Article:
Just as Obama’s election did not create a post-racial America, neither can Golden Globes for “Moonlight” and “Atlanta” create a post-racial Hollywood.
The dearth of Latino nominees at the Golden Globes proves opportunities for Latinos in Hollywood are far too limited, according to a statement made by Alex Nogales, the president and CEO of the National Hispanic Media Coalition, a media advocacy and civil rights organization for the advancement of Latinos.
In a succinct and nuanced statement, Nogales acknowledged the major wins for actors and filmmakers of color while emphasizing the continued importance of working to create inclusive projects — both in front of and behind the camera.
The statement reads:
“We congratulate the creatives of color who were nominated and who won Golden Globes last night–they have broken barriers in an industry that has been slow to change. These hard-fought successes have made our communities proud, bringing the perspectives of a diverse nation to the country, and we implore Hollywood to increase opportunities for all creatives of color.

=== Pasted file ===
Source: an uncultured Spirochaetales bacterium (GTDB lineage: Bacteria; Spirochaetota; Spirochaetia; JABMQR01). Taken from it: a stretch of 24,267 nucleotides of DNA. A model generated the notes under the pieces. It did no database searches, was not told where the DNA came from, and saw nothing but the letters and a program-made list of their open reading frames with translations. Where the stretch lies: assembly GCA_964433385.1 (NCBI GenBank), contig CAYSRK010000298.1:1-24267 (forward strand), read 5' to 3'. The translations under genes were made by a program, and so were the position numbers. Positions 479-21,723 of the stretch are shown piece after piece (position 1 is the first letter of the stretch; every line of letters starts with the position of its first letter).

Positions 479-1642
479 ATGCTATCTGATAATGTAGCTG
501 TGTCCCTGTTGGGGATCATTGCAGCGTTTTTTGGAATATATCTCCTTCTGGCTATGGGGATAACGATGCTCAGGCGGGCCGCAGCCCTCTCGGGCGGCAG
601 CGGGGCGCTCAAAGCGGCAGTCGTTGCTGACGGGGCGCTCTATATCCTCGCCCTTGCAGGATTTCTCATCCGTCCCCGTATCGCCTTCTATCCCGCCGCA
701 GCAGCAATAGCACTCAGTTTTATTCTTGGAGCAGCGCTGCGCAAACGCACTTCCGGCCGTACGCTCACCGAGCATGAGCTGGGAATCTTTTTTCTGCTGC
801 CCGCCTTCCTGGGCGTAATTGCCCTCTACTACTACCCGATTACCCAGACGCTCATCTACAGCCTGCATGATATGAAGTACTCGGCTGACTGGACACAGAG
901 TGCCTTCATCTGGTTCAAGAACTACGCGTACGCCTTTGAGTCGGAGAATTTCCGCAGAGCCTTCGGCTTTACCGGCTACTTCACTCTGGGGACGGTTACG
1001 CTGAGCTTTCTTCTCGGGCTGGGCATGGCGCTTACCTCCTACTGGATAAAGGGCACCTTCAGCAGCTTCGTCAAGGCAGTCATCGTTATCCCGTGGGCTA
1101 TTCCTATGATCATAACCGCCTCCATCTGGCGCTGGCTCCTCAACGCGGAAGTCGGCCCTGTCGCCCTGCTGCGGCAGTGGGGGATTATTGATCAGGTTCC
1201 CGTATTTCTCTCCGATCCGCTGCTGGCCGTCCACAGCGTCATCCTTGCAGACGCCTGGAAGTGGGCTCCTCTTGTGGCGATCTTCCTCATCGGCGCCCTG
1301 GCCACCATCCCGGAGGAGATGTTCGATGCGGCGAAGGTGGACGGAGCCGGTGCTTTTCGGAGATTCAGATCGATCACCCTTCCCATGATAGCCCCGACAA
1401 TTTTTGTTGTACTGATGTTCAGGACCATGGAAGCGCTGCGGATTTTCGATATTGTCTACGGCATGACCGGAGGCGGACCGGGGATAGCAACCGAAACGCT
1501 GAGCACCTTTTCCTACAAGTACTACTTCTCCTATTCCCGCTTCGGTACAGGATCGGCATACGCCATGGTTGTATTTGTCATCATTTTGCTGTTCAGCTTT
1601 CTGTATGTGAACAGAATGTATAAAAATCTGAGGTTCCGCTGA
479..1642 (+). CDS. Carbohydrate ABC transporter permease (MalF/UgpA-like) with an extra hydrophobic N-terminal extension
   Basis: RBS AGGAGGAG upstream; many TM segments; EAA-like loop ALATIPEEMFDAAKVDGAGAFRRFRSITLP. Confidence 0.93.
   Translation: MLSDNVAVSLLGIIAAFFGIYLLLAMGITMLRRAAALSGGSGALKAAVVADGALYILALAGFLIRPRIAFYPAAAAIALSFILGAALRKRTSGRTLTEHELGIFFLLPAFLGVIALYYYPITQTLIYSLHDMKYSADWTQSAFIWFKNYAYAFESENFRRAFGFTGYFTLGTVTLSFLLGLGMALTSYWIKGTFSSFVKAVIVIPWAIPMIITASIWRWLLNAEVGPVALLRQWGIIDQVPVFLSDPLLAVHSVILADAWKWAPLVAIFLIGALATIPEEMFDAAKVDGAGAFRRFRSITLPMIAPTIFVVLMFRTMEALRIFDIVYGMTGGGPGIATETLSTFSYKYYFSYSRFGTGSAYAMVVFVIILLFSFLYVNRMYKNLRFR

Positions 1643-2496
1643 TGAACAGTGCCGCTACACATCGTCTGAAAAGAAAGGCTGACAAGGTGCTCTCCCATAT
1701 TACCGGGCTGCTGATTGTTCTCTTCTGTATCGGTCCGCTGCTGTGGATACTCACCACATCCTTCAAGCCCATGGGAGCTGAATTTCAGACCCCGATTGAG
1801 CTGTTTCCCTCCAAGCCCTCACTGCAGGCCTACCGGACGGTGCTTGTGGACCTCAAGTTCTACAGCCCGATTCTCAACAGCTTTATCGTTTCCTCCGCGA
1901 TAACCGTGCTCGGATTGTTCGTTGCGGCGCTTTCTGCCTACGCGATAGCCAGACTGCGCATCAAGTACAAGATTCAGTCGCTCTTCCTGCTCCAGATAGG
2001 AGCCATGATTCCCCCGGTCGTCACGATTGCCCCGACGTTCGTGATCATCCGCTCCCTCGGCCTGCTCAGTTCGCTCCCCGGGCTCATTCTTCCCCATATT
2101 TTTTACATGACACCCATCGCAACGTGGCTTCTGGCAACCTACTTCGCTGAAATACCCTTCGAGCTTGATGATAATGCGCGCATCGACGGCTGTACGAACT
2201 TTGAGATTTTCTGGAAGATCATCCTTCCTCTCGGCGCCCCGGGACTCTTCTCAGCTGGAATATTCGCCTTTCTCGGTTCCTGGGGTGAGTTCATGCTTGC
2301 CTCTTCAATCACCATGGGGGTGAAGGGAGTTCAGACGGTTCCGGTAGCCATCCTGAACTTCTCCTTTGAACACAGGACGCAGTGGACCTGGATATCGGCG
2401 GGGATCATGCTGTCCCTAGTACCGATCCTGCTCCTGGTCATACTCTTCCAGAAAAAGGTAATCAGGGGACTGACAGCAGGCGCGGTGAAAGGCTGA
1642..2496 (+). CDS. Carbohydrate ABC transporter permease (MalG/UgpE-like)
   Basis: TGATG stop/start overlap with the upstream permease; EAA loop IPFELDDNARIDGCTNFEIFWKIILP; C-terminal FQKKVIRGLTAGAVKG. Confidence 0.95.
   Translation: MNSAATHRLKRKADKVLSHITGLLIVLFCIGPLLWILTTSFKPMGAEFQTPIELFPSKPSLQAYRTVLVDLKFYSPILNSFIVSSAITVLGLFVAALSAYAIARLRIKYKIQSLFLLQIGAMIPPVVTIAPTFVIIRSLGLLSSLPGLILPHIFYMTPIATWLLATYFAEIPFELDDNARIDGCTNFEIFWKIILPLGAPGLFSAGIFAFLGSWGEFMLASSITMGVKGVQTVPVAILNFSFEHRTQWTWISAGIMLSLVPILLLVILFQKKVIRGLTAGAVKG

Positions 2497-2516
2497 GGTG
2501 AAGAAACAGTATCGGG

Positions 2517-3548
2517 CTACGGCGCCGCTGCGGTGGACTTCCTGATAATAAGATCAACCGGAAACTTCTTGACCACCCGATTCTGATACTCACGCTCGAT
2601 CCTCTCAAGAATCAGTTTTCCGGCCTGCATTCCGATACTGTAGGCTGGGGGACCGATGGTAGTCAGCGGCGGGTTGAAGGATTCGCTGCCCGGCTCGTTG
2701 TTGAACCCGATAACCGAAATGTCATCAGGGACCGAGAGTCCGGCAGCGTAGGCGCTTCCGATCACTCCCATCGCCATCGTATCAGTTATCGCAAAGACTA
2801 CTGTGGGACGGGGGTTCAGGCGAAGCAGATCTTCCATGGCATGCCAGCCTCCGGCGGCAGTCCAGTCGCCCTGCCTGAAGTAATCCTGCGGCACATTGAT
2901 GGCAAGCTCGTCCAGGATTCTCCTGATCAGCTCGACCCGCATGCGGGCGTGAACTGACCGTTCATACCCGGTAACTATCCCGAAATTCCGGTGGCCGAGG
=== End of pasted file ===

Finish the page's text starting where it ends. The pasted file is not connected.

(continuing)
Few Latinos were nominated this year because there are still too few roles offered to Latinos, behind and in front of the camera, especially in film. Today, Latinos make up 18 percent of the population and we need to represent those faces, voices and stories, if we are ever to increase the understanding and empathy that so many performers highlighted in their eloquent acceptance speeches about diversity and inclusion last night.”
Variety reported that in 2017, “Globes voters nominated a record number of actors and producers of color.” Only three Latinos made the cut: Gael García Bernal, Lin Manuel Miranda, and Gina Rodriguez. Chilean filmmaker Pablo Larrain’s “Neruda” was the only Latin film nominated.